Another document we need is an official Certificate of French Nationality (Certificat de nationalité française) for my French husband and we soon discovered that Anne Sinclair was right - it is not as easy as it looks to actually prove that one is French. What exactly is the purpose of this document?
Le certificat de nationalité française (CNF) est un document officiel, qui sert à prouver la nationalité française.
Il indique comment et pourquoi le demandeur a la qualité de français, ainsi que les documents qui ont permis de l'établir.
Il peut notamment être demandé lors d'une première demande de titre d'identité sécurisé (carte d'identité ou passeport), ou pour une candidature à un emploi dans la fonction publique.
(The Certificate of French nationality is an official document that serves to prove French nationality.It indicates how and why a person is French, as well as the supporting documents to support the claim.It can be required when a person first requests a secure identity document (identity card or passport), or when a person applies for a job in public service.)
Sounds like every French person has an interest in having one (just in case, mind you). So how does one go about getting this precious document? Well, it depends on where the French person making the request is located (France, Paris or abroad) and whether or not he/she was born on French territory or abroad. My husband's case is a bit tricky because he was born in Medea, Algeria in 1962 when Algeria was a French dominion. In that case, we were told, my husband, once he has all the documentation, needs to apply at the Versailles Tribunal d'instance (which is happily not too far from our apartment).
Now that we know where to apply, we turned to the issue of what documentation will be required. Turns out that this is quite tricky and depends on the category of the person making the request. There are no fewer than five cases and they are worth examining because they are a snapshot of French nationality law as it is applied today:
Personne née en France, d'un parent né également en France (a person born in France of a parent also born in France): This is the infamous double jus soli rule that says that anyone born in France with at least one parent born in France is French even if the parents and grand-parents were foreigners.
Personne française par filiation (French by filiation) This is transmission of nationality by blood, also known as jus sanguinis. Anyone with a parent who is French is French by right of blood (droit de sang). This must be proved by producing documentation about one's parents and also one's grand-parents.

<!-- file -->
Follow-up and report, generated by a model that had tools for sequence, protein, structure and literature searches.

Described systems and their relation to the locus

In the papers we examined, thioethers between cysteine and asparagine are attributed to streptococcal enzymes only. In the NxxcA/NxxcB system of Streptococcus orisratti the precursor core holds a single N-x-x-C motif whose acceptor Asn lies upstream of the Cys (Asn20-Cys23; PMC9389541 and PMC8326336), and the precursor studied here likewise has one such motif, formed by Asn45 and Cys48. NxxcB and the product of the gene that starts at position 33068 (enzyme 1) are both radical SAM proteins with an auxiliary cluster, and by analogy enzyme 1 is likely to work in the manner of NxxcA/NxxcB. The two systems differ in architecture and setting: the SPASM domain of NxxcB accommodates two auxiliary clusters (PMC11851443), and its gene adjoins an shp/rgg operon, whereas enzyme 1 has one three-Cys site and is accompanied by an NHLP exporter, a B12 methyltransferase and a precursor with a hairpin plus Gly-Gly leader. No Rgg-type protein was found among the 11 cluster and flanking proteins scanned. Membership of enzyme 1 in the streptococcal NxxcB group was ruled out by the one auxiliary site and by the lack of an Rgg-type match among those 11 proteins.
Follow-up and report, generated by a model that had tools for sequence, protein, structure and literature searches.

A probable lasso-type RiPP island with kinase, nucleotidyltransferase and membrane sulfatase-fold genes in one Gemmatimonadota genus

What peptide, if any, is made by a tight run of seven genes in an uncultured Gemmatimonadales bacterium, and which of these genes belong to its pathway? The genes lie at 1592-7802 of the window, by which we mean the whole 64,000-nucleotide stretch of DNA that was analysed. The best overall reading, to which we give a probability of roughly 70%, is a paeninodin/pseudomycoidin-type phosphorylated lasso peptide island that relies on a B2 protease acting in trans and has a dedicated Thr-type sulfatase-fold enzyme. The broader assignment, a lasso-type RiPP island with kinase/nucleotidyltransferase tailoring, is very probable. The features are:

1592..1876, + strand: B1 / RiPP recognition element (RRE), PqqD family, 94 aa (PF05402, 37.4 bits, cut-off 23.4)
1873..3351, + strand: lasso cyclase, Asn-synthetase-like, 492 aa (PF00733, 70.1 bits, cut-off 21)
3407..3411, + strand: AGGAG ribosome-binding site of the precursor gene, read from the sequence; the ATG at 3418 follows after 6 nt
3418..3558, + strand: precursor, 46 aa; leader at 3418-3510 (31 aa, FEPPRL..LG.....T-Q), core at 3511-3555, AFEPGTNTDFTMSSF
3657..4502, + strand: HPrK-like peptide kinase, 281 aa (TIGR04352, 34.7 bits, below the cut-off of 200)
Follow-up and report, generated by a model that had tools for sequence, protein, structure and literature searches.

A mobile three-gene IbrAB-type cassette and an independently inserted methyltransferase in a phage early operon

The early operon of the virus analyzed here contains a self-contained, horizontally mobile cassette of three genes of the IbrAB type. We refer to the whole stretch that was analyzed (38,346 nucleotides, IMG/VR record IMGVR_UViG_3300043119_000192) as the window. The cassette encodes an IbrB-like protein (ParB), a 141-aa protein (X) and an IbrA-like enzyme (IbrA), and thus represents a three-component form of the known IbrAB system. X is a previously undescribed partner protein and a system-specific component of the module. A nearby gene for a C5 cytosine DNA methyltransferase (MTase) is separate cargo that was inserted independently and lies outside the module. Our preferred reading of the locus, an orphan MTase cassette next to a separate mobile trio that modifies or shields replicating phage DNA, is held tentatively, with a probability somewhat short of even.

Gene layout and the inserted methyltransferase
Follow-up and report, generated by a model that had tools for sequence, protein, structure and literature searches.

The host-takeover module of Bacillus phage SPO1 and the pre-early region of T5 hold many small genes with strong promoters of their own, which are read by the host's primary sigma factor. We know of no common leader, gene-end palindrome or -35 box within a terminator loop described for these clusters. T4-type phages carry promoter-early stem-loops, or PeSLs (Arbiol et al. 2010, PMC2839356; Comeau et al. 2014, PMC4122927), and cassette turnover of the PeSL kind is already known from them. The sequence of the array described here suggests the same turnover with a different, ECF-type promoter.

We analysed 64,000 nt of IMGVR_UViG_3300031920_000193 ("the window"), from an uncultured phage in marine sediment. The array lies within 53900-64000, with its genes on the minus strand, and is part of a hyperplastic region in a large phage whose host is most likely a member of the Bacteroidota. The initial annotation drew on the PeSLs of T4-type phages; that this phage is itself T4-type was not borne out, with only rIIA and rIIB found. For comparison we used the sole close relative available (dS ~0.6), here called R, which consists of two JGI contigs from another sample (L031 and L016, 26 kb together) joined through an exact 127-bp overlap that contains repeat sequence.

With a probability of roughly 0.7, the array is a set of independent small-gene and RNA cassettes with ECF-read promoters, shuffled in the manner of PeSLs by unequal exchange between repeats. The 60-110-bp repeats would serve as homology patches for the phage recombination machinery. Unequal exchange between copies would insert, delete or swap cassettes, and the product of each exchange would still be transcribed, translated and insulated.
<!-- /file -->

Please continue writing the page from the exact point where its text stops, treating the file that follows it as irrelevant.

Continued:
Personne devenue française par acquisition volontaire (décret ou déclaration de nationalité) (Person who voluntarily acquired French nationality by decree or declaration) These are the naturalized citizens who became French by either applying for it or by decree (it can be simply conferred on a person in some cases).
Personne devenue française pendant sa minorité, en raison de l'acquisition de la nationalité française par l'un de ses parents (Person who became French as a minor child because one of his/her parents acquired French nationality) So this means any child with foreign parents who became French by naturalization during that child's minority received French citizenship as a result.
Personne devenue française par acquisition de plein droit à sa majorité, par naissance et résidence en France pendant 5 ans (Person who acquired French citizenship at his/her majority, by birth and residence in France for at least five years). This is a combination of jus soli and what you could call residency-based citizenship. The two requirements are that the child be born in France and have resided in France for at least 5 years during his/her minority. From this it seems that having lived 13 years outside of France during one's minority still gives a child born in France the right to French citizenship.
My husband falls under the category of "Personne française par filiation" which means that he is now calling the authorities in both the Limousin and Normandy (his parent's regions of origin) in order to get official copies of their birth certificates and those of their parents (his grand-parents). Frankly, he finds this all a bit annoying - his reaction seems to have mirrored that of Anne Sinclair. He was also not amused when I suggested that he might find some surprises in his family tree - a Spaniard or an Italian, perhaps?
The delicious irony of all this, of course, is that the people who have the least amount of paperwork to provide for a CNF are the naturalized citizens (i.e. the foreigners) whereas the French who have been French for generations by blood and soil have to provide a pile of official papers proving Frenchness going back at least two generations. Was this really what the Right had in mind? Probably not. So I guess we can just consider this another unintended consequence of laws designed to harass the "foreign" which result in enormous inconvenience for the "native-born."